Star Crossed Paths
There are certain people, I am sure of, that cross your path for a reason. Whatever that reason may be, it matters not. But these people come into your life for a moment and change it indefinitely. Some call this fate, but fate is not what I am talking about. Fate has a preorchestrated conotation to it that leaves us little control over our destinies. What I am talking about is something different. It is being awake. Awake enough to see these persons when they come, embrace every moment when they are there, and then let them go as you both carry on your ways.
Julie and Dial were such people. And I felt it before I even met them, and knew it beyond doubt once I did.
Julie was an outrageous and incongruent burst of energy. No sooner had I walked through the door, she was greeting me with hugs and kisses and a smile that engulfed you. Welcoming me much like a great aunt, twice removed, whom you hadn't seen since you were 18 months old and had no memories of, would. But somehow, instantly you felt she had known you her whole life. She wore a bright red polka dot dress and her dark auburn, tightly wound curls sprung fron a short bob behind wide, cat eye glasses. I had no idea how old she was, but she was hilarious.
We had Bastille (a Mersaille drink) at the bar below her apartment right on the beach and talked with the locals for hours. And by locals, I mean local drunks. Four old men crowded around me at the table, competing in French for my attention. Najib was a self- proclaimed wine conniesueur with a beautiful Indian wife, who schooled me the entire night about Bandol wine and all the wines of the world he had tried. There was a crazy skinny old man with a bad comb over that he had long since given up on and missing teeth. His hair fell stringy and long and he had a lazy eye that would scatter and twinkle after he made a joke. None of which I understood, of course. He seemed to re-forget that I didn’t know French in between drinks. The bartender, who did not look French at all, was a straight up Italian looking Guido from the Jersey Shore. Except without the muscles or the tan. He wore sunglasses the entire night inside the bar and despite the bulging pudge of his stomach under his tight shirt, he was the king of the house.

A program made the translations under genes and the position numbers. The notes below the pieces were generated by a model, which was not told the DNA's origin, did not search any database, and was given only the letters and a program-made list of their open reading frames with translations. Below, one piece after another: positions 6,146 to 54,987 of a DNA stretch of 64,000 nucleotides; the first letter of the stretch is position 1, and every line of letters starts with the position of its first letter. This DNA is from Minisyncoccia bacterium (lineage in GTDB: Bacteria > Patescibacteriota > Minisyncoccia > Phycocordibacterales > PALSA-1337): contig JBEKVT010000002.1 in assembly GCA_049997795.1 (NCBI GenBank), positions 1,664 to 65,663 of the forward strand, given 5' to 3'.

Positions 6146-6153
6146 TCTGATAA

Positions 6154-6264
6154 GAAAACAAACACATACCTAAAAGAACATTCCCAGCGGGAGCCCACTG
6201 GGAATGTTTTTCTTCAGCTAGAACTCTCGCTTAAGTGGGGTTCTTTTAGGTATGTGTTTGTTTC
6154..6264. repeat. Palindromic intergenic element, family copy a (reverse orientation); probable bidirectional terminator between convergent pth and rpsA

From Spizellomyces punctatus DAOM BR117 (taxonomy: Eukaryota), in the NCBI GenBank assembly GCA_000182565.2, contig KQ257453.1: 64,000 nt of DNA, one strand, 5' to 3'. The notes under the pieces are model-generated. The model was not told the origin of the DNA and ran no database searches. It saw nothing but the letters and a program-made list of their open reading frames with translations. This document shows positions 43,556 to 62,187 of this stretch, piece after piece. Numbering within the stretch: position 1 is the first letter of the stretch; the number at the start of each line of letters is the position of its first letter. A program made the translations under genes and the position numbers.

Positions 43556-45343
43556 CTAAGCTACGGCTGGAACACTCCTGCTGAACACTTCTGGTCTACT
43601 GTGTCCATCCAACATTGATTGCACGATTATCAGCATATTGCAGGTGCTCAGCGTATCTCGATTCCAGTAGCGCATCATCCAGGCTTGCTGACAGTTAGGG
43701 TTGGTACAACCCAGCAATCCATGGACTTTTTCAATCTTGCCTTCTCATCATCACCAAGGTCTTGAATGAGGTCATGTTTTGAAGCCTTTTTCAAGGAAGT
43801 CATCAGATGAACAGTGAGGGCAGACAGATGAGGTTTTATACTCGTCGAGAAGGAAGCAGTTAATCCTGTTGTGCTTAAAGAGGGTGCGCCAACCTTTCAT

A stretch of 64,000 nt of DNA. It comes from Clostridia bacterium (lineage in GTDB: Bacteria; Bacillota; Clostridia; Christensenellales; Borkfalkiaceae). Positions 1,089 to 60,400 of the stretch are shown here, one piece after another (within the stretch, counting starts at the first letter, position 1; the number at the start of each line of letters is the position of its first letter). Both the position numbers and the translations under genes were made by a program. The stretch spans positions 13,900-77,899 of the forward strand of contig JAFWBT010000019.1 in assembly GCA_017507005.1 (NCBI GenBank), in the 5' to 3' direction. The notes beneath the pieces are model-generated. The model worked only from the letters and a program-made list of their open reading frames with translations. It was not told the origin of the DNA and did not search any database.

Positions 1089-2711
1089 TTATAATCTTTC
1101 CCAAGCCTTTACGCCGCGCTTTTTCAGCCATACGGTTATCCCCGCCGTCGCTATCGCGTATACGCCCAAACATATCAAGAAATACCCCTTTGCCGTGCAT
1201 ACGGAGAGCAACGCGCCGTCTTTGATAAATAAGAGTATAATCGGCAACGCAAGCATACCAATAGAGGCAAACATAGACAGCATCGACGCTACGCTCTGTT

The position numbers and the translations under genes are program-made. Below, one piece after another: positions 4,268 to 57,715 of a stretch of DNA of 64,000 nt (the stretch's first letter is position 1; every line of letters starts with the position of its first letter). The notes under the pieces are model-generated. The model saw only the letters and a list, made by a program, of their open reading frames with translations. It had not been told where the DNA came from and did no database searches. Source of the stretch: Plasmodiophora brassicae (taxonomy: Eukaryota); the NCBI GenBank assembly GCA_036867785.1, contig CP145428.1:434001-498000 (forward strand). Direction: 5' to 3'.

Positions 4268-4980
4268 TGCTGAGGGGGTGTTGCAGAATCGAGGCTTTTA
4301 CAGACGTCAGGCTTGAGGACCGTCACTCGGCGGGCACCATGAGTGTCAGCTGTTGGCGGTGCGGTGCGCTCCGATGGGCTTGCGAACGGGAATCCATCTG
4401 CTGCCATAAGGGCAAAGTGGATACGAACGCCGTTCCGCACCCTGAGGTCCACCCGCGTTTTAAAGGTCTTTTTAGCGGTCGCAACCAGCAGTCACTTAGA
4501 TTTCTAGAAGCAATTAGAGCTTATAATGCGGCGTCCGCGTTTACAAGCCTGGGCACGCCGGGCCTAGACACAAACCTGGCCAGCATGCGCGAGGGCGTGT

Julie and I shared her son’s room that night because she had other guests in her room. We ordered pizza, drank wine, and danced all night to all kinds of music. We did all sorts of things that week like exploring the town, hiking mountains to find beautiful hidden coves of crystal blue water, picnicked with jamon and melon, stayed up into the late hours of the night, attended house warming parties for friends which were conducted entirely in French, went salsa dancing with locals and shared stories from all walks of life.
One particular night, over two bottles of wine, Julie told me all about her life and family in Senegal, Africa. When she first arrived, she had all of her money stolen, which she expresses as a divine blessing. She lived in poverty with African families where they didn’t know where their next meal would come from and if lucky, had one plate of rice to share. She washed men’s underwear and clothes all day for 1 euro while they gawked and laughed at the irony of a white woman doing their laundry. She said she had never been so happy in her entire life.
“Africa is happiness,” she says with a joyful glow. “These people have nothing. Not a thing to offer, but their hearts …” She stretches her hands out as if grasping a beach ball in front of her chest, shakes her head and breathes out with misty eyes.
“Their hearts touch you. All the time they dance. They are the happiest people alive,” she finishes in her French accent.
Julie is the most genuine person I have ever met. She is a white, Jewish, French woman and her former husband is an African, Muslim muscian. Their son, Dial, is the beautiful combination of all things. Just 9 years old, he is exceptionally bright and struggles with his identity and lingering racism in school. He idolizes Michael Jackson and can dance just like him. He often asks his mother if he too, should bleach his skin white like Michael so he might also have white babies when he grows up. Julie attempts to explain to her son why his idol tried to appear as a white man and why he probably paid a donor for white children.
The whole thing is a concept so foreign to me that hits me with the weight of an entire building, crashing into me like a wrecking ball and sending my insides spiraling into pieces throughout space. And with every earnest look on Dial’s precious face, I want nothing more than to protect every child in the world from this feeling.
Julie wants me to go to Senegal and experience this way of living with her family there. Although the place frightens me, it intrigues me as well and I am tempted to visit. The three of us eat avocados drizzled in balsamic and more melon with Jambon for dinner, look at pictures of their family trip to Senegal, and dance to Michael Jackson for hours.